Math 120A Differential Geometry

Lect.: MWF 10-10:50 in MS 5138
Disc.: Th 10-10:50 in MS 5138

Instructor: Olga Radko (

Office hours: M 2-2:30, W 11-12:30,
F 11-11:30 in MS 5366

Teaching Assistant: Danielle O'Donnoll (

Office hours: TBA in MS 2954

Course information

Course outline: We will study differential geometry of regular curves and surfaces in three-dimensional space. The course assumes excellent command of mathematial analysis and linear algbera.
We will begin with local properties of regular curves: curvature (which measures how much the curve bends) and torsion (measuring how much the curve twists). We will prove that these two quantities, considered as functions of the parameter on the curve, determine a curve up to rigid motion and reparametrization. Some global properties of curves will also be developed (e.g., we will prove that a closed curve of a given length which bounds the largest area is the circle).
The main goal of the course is to generalize as much as possible the picture for the curves to the case of two-dimensional surfaces. We will learn how to measure lengths of curves, angles between curves, areas of regions, etc., on a regular surface. We will also study various notions of curvature on a surface, which come up in different problems of differential geometry.
Finally, we will study isometries (distance preserving maps), geodesics (the shortest paths between two given points on a surface), etc.  The course ends with the celebrated Gauss-Bonnet theorem, which, roughly speaking, relates the sum of the angles of a triangle on a two-dimensional surface to the curvature of the surfaces.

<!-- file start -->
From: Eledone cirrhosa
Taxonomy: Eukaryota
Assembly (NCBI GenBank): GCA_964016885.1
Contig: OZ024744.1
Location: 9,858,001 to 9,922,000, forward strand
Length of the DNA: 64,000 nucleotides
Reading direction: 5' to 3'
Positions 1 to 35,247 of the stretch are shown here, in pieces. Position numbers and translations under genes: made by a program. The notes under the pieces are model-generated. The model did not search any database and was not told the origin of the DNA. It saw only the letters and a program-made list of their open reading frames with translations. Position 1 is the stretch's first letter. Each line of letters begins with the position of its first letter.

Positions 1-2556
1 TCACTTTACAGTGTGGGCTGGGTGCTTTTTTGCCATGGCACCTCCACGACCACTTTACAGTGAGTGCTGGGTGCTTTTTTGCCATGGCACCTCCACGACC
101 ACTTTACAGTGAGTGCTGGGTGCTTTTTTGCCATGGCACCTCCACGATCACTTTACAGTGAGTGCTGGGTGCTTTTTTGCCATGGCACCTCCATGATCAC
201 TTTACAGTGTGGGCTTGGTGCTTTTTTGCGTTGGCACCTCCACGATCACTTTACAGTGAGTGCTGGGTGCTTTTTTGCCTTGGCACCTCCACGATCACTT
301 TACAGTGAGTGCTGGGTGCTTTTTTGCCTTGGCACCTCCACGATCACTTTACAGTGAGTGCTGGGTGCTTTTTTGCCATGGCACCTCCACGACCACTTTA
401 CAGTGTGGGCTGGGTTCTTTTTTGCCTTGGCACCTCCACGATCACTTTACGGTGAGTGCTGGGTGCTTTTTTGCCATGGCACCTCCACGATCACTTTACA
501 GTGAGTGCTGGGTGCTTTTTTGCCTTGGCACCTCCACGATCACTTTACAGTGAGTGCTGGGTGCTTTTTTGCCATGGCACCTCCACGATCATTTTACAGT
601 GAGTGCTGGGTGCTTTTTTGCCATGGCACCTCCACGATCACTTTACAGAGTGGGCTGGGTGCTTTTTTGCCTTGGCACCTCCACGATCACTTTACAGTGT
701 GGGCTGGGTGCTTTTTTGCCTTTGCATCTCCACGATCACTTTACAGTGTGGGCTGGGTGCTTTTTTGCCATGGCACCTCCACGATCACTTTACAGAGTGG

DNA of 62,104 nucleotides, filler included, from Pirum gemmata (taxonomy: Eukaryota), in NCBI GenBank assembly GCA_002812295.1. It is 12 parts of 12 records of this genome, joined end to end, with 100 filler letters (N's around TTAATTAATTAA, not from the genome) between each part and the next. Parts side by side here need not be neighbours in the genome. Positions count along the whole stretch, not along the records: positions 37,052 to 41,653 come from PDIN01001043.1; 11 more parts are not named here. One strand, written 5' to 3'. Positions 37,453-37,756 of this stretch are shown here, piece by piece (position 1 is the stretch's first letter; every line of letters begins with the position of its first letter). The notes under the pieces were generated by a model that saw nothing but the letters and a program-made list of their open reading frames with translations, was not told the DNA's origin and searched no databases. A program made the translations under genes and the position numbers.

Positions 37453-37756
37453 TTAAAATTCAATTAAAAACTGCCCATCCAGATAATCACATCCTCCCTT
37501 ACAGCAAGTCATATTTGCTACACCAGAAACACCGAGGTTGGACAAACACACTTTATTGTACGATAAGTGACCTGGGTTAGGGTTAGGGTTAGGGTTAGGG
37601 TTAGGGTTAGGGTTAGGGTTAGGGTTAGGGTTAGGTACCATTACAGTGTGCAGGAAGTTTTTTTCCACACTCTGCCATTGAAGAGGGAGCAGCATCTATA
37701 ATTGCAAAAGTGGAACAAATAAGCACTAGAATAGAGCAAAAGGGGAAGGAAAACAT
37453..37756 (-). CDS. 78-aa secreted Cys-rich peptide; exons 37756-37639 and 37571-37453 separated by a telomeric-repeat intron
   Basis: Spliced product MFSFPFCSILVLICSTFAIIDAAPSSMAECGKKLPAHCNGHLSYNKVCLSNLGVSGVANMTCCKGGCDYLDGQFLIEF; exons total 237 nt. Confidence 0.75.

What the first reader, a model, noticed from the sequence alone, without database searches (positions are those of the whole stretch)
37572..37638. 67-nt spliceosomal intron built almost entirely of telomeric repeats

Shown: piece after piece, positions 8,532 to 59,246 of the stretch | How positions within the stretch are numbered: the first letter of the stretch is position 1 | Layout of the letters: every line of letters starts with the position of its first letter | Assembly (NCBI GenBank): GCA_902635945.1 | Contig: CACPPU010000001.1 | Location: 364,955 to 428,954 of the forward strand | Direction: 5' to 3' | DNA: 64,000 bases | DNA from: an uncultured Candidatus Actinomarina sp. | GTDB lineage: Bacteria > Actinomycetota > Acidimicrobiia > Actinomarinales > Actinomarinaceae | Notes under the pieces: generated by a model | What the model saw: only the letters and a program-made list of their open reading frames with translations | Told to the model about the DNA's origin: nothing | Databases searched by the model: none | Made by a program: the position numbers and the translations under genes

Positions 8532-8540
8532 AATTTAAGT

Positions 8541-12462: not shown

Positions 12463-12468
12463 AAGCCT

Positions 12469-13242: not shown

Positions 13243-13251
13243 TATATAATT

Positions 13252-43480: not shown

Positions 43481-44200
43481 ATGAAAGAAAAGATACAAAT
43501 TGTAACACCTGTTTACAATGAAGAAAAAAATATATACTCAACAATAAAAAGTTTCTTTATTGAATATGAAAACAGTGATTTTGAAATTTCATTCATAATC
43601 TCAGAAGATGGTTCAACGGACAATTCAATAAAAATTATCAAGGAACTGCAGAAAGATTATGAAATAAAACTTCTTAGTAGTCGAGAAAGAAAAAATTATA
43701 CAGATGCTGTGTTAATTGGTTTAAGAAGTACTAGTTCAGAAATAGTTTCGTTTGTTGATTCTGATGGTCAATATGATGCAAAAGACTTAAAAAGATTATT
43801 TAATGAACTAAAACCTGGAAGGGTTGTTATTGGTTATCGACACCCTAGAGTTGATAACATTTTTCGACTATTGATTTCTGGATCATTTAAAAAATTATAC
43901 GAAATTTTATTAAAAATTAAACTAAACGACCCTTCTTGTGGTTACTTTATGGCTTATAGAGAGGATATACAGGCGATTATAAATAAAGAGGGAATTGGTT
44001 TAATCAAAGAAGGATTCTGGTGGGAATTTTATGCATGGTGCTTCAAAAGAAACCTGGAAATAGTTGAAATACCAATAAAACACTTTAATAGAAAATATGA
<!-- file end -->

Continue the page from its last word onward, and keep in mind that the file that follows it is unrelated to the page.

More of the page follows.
P. do Carmo, Differential Geometry of Curves and Surfaces, Prentice-Hall.

HOMEWORK: Homework is an essential part of the course, since trying to solve a lot of different problems on your own is the only way to learn how to come up with proofs and write them down. Homework will be assigned weekly and will be collected on Friday in class.  Several problems, chosen at random, will be graded each week. However, it is recommended to try to solve each of the assigned problems. Two lowest HW scores will be dropped.

EXAMS AND QUIZZES: Midterms: February 4th (Wednesday) and March 3rd (Wednesday), in class. Final: March, 22nd (Monday), 8a.m.-11a.m.. There will be no make-up exams. Throughout the semester, there will be several quizzes in the discussion section. Quiz dates and topics will be announced in advance. One lowest quiz score will be dropped.

GRADING: Your grade will be computed as the best of the following:

HW 1 due 1/16
1.2: 1-4; 1.3: 1, 2, 5, 6, 10; 1.4: 1-3

HW 2 due 1/23
1.4, 1.5
1.4: 9,10, 11a), 5 (e.g., use 11), 12; 1.5: 1, 3, 6

HW 3 due 1/31
1.5, 1.7
1.5: 5, 7, 8, 12a)b)d), 13; 1.7: 3, 6, 8, 10, 12

HW 4 due 2/06

Midterm 1: Feb. 4ths
Practice Midterm (PDF)
HW 5 due 2/13
2.2, 2.3
2.2: 1-3, 6, 7, 10, 12, 16; 2.3: 4, 7, 10, 15

HW 6 due 2/20
2.4, 2.5
2.4: 1, 2, 8, 15, 20; 2.5: 1a, 3, 5, 11

HW 7 due 2/27
3.2, 3.3
3.2: 1, 3, 5, 6, 8a, 16; 3.3: 1, 2, 6a, 20, 23
Practice Midterm (PDF)
HW 8 due 3/5

Midterm 2: Mar. 3rd
HW 9 due 3/12

HW 10 due 3/18 [in section]

Notes on the Gauss Map and 2nd Fundamental Form
Final Exam (comprehensive): Monday, March 22nd, 8-11am, room TBA